I was trying to type up something that explains how I felt, and couldn't figure out how to say it. But I think you said it perfectly. Saying please and thank you isn't about me, it's about the other person.

When out in public, I say please and thank you all the time. In most of these cases, I am not overwhelmed with gratitude. In many of these cases, to be perfectly honest, I don't even really care. The person standing next to the elevator buttons who asks me what floor? I don't particularly care. But he did a nice thing in offering to press the button and saying thank you acknowledges that. The person right in front of me who gives the door an extra little push open so that if sort of hurry up a bit I'll catch it? Hardly went out of his way, and I'm perfectly able to open my own door. But I don't care how wrapped up either of us are in what we're doing: it's still a basic social grace to notice other people and acknowledge them. He did this by pushing the door, I did this by grabbing it and thanking him.

If I didn't say thank you in either of those cases, it does smack of entitlement. I agree with that too.

Another way to look at it is in terms of giving a gift. I think we've all received gifts that we don't like. We still say thank you when dotty old Great Aunt Ethel sends us a picture her dog drew: no matter the intentions or the gift it would be very rude not to. So I don't see how it isn't rude to not say thank you for a smaller "gift": holding a door open or pressing an elevator button or the barrista giving you your cup of coffee.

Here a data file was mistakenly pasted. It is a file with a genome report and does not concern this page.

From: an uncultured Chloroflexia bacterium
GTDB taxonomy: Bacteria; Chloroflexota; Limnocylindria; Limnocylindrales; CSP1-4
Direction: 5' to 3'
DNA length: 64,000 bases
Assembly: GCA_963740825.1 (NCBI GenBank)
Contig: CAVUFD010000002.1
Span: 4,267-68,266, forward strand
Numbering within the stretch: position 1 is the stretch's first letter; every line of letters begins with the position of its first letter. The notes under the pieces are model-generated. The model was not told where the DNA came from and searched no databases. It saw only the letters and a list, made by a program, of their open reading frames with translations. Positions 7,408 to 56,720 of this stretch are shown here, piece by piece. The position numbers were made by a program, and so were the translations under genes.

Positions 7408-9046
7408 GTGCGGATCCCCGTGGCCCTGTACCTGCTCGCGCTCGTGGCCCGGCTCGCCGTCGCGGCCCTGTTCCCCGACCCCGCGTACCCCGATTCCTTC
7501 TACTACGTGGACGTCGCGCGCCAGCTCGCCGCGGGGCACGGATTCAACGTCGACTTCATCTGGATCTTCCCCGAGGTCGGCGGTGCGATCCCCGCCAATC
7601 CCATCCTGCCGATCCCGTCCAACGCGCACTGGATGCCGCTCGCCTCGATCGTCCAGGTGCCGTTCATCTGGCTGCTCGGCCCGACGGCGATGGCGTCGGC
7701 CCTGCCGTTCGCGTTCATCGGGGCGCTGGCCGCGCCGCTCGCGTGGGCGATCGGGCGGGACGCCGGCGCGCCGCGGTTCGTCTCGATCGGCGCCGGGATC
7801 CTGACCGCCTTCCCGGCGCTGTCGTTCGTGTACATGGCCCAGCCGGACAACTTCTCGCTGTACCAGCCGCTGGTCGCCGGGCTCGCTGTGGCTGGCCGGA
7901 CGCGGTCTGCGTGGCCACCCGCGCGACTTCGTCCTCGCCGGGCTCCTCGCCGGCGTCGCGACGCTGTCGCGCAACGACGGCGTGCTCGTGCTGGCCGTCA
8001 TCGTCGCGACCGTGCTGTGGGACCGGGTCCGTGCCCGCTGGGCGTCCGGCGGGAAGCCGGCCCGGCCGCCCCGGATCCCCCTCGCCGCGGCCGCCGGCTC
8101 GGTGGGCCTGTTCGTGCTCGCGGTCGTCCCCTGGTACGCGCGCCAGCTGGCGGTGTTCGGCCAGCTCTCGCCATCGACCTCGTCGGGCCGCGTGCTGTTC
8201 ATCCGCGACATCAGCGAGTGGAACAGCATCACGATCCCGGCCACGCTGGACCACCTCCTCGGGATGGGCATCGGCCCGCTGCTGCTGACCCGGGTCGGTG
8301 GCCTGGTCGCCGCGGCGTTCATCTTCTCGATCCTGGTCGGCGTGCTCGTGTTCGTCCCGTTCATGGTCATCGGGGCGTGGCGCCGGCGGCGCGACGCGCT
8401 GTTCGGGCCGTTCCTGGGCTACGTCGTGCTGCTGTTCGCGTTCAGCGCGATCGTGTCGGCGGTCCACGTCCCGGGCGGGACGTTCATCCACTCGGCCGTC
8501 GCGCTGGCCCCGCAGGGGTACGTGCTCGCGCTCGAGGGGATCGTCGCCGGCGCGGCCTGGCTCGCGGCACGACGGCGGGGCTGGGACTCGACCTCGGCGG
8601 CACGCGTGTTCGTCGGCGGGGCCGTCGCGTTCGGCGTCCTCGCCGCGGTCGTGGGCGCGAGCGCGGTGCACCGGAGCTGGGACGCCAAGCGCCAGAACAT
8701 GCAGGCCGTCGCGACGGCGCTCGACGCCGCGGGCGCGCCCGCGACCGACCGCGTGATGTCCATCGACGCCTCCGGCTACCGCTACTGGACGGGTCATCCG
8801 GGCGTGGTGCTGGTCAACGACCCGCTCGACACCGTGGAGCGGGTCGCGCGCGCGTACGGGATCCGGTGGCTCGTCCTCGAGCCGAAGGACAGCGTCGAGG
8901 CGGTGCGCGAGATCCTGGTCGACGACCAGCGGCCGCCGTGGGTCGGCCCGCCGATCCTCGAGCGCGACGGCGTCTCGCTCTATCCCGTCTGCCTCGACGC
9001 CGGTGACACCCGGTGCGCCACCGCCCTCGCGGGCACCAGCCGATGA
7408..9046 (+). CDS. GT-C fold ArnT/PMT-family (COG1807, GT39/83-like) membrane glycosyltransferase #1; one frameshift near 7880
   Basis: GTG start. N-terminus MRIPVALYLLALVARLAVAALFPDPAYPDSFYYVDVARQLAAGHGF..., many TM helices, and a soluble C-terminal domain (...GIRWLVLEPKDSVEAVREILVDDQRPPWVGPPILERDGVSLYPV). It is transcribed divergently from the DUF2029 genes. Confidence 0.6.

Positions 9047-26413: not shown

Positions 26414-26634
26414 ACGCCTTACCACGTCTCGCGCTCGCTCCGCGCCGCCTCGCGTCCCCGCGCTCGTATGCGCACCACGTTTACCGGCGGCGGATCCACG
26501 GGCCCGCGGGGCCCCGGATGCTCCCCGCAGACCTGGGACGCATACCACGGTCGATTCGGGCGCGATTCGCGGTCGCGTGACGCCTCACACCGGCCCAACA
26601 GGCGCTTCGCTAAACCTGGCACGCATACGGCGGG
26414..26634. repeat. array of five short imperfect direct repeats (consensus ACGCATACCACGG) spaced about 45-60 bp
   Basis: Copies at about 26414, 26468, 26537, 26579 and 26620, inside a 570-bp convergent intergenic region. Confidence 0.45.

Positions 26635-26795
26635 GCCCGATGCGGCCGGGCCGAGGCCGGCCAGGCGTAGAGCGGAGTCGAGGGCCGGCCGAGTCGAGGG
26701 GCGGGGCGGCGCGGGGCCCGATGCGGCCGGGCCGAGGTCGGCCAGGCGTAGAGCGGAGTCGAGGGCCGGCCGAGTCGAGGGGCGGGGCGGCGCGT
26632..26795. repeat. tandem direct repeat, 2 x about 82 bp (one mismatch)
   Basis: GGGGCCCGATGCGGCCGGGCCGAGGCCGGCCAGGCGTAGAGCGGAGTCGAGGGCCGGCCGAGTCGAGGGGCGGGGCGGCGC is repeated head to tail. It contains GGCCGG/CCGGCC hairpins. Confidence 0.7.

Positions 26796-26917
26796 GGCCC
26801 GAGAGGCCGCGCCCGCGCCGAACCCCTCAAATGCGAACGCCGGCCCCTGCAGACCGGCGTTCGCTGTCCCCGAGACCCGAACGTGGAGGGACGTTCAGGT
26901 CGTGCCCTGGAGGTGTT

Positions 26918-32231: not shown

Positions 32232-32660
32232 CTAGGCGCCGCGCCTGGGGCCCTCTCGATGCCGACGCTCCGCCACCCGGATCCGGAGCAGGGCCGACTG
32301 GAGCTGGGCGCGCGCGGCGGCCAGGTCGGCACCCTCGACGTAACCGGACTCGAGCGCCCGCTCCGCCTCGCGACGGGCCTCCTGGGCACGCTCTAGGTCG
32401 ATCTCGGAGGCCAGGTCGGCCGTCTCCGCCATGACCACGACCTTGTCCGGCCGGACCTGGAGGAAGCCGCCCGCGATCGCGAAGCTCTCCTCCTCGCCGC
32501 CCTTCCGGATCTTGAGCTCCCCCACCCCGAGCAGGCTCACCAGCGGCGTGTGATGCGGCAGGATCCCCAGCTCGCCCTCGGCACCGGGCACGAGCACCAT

post #97 of 256
Quote:
Originally Posted by meemee View Post
where they burst out saying TY when they dont really want to say it, just because an adult wants to hear it.

This makes it seem like you don't want your child to care about other peoples feelings. Do you think adults don't have feelings? Is it wrong for an adult to want to be acknowledged because they did something nice for your kid? Part of social conditioning is to help children learn empathy. We are an incredibly self centered species, we don't need to reinforce that unfortunate trait in our children.
post #98 of 256
Quote:
Originally Posted by D_McG View Post
Children who don't say please/thank you drive me insane. It is just rude. It's common courtesy. I have never met an otherwise agreeable child who was simply lacking in manners. Every single one has had entitlement issues. It's not fair to set your child up for such an image, IMO.
Technically, children are entitled to the things adult do for them...
post #99 of 256
Quote:
Originally Posted by soso-lynn View Post
Technically, children are entitled to the things adult do for them...